Lockheed raises two arguments to support its conclusion that Morganti was not a covered "employee" under Section 2(3) of the Act. First, Lockheed argues that Morganti was only transiently and fortuitously on actual navigable waters, and therefore should be excluded from coverage. Second, Lockheed contends that Morganti was employed exclusively to perform data processing work and is therefore explicitly excluded from coverage. We address these arguments in turn.

A. The "Transient and Fortuitous" Exception


As discussed above, the Supreme Court has held that all employees injured while physically on actual navigable waters are maritime employees within the status requirement of Section 2(3) of the Act. Perini, 459 U.S. at 323-24, 103 S.Ct. 634. However, the Court "express[ed] no opinion whether such coverage extends to a worker injured while transiently or fortuitously upon actual navigable waters." Id. at 324 n. 34, 103 S.Ct. 634. The Court later "note[d] in passing" that there was "a substantial difference between a worker performing a set of tasks requiring him to be both on and off actual navigable waters, and a worker whose job is entirely land-based but who takes a boat to work." Herb's Welding, 470 U.S. at 427 n. 13, 105 S.Ct. 1421. Based on these "signals," Lockheed now asks us to follow the Fifth and Eleventh Circuits and create a transient and fortuitous exception to the general Perini rule. Under this exception, for an employee to be covered under the Act, a "not insubstantial" amount of the employee's time must take place on the water. Bienvenu v. Texaco, Inc., 164 F.3d 901, 908 (5th Cir.1999); see also Brockington v. Certified Elec., Inc., 903 F.2d 1523, 1528 (11th Cir.1990) (denying coverage to a land-based electrician who was injured on a boat en route to a one-time job site).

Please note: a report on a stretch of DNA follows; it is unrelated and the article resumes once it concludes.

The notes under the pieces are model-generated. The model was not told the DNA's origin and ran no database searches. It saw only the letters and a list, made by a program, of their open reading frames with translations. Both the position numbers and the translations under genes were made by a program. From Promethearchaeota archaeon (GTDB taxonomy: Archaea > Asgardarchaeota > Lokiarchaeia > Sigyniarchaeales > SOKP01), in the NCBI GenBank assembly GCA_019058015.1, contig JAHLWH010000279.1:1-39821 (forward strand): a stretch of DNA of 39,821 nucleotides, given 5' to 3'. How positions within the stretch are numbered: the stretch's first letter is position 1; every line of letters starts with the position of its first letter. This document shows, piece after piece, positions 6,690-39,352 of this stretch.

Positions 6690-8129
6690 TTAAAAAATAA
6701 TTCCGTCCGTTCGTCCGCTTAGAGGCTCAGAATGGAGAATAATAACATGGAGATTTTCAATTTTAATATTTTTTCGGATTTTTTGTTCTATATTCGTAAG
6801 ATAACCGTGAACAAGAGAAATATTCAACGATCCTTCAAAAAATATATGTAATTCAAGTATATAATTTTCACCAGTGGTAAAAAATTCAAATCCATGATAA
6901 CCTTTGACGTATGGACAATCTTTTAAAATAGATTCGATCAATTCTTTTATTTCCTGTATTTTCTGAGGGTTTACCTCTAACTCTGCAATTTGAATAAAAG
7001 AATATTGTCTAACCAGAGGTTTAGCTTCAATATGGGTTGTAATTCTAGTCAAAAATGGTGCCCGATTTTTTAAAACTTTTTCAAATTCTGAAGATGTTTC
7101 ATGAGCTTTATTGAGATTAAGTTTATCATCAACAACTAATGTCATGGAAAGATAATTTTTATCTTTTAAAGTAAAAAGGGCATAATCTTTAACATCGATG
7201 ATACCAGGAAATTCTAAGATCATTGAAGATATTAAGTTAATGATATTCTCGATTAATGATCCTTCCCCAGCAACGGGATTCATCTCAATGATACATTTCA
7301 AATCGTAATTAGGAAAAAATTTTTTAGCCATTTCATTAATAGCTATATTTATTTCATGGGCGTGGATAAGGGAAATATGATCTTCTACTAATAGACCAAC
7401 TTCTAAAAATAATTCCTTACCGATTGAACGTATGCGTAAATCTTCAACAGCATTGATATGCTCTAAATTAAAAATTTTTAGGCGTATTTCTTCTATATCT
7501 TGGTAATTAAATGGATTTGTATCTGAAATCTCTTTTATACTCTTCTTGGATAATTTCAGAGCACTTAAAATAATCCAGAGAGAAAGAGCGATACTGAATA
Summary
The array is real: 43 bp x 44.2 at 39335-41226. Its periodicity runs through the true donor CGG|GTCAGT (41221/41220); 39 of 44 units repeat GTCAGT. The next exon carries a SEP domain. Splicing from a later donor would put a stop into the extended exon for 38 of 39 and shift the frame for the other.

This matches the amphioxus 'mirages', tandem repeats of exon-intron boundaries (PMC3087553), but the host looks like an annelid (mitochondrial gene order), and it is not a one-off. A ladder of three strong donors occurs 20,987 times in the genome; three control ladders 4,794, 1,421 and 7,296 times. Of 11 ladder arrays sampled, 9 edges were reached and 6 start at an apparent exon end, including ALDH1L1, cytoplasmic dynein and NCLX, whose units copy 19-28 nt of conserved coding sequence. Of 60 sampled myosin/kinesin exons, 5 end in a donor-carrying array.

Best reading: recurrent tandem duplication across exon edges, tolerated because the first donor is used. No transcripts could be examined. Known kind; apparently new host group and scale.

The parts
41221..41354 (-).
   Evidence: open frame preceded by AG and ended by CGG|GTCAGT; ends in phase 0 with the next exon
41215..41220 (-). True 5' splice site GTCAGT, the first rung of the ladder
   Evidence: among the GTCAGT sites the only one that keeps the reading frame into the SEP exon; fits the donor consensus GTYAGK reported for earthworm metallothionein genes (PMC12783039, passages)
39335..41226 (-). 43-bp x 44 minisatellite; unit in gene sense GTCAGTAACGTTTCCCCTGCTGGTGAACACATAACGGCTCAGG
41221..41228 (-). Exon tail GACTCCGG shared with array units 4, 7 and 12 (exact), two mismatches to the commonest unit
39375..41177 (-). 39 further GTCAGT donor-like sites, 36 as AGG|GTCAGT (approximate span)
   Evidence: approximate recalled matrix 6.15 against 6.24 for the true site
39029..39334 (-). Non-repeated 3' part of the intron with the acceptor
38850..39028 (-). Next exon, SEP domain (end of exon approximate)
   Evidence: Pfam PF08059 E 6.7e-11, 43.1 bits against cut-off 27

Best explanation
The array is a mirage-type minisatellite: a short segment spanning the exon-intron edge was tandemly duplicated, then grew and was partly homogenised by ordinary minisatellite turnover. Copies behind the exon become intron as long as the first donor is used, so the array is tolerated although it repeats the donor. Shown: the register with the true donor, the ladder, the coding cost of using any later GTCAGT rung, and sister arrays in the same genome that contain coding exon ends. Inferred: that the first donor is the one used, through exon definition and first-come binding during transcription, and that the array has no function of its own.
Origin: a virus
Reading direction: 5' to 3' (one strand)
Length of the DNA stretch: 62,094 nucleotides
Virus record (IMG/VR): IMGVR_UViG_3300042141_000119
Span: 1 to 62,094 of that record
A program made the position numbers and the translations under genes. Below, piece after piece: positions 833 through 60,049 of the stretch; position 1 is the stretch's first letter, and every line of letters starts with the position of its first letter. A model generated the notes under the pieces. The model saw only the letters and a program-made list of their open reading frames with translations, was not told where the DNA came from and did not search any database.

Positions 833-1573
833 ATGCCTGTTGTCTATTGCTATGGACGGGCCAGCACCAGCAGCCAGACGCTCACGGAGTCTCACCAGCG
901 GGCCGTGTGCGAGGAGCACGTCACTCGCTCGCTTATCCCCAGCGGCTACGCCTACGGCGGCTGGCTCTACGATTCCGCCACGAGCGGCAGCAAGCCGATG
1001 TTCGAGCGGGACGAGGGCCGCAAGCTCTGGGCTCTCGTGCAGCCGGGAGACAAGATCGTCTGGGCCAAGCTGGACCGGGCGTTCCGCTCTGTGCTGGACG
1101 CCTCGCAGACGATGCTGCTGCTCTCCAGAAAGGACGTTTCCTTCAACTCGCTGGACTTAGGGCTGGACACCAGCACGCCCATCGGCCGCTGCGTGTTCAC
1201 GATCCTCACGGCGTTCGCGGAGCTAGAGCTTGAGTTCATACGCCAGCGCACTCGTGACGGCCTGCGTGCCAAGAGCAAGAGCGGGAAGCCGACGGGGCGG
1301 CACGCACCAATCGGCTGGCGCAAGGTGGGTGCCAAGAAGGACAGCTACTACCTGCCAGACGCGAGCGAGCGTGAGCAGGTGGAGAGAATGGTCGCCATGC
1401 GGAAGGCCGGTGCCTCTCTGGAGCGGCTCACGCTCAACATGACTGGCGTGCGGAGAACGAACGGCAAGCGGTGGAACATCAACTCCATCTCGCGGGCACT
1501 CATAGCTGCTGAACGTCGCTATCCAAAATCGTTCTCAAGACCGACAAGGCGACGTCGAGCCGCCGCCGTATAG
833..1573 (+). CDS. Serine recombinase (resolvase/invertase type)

If we were to adopt this rule, Lockheed would still need to demonstrate that Morganti's presence on Cayuga Lake was in fact transient and fortuitous in order to prevail. Lockheed does not dispute that if Morganti's substantial time on the Paganelli is counted as presence on water, then Morganti could not be considered to be transiently and fortuitously on water. See Bienvenu, 164 F.3d at 908 (declining to set exact standards but holding that a worker who spent 8.3% of his employment time on actual navigable waters did not fall within the transient and fortuitous exception and was covered by the Act). Lockheed argues instead that the Paganelli is a fixed platform akin to an artificial island, and that Morganti's time on the Paganelli should accordingly be considered time on land. Only Morganti's time on the Little Toot II would then be considered time on water, and the brief commute time would constitute only a transient and fortuitous presence on water.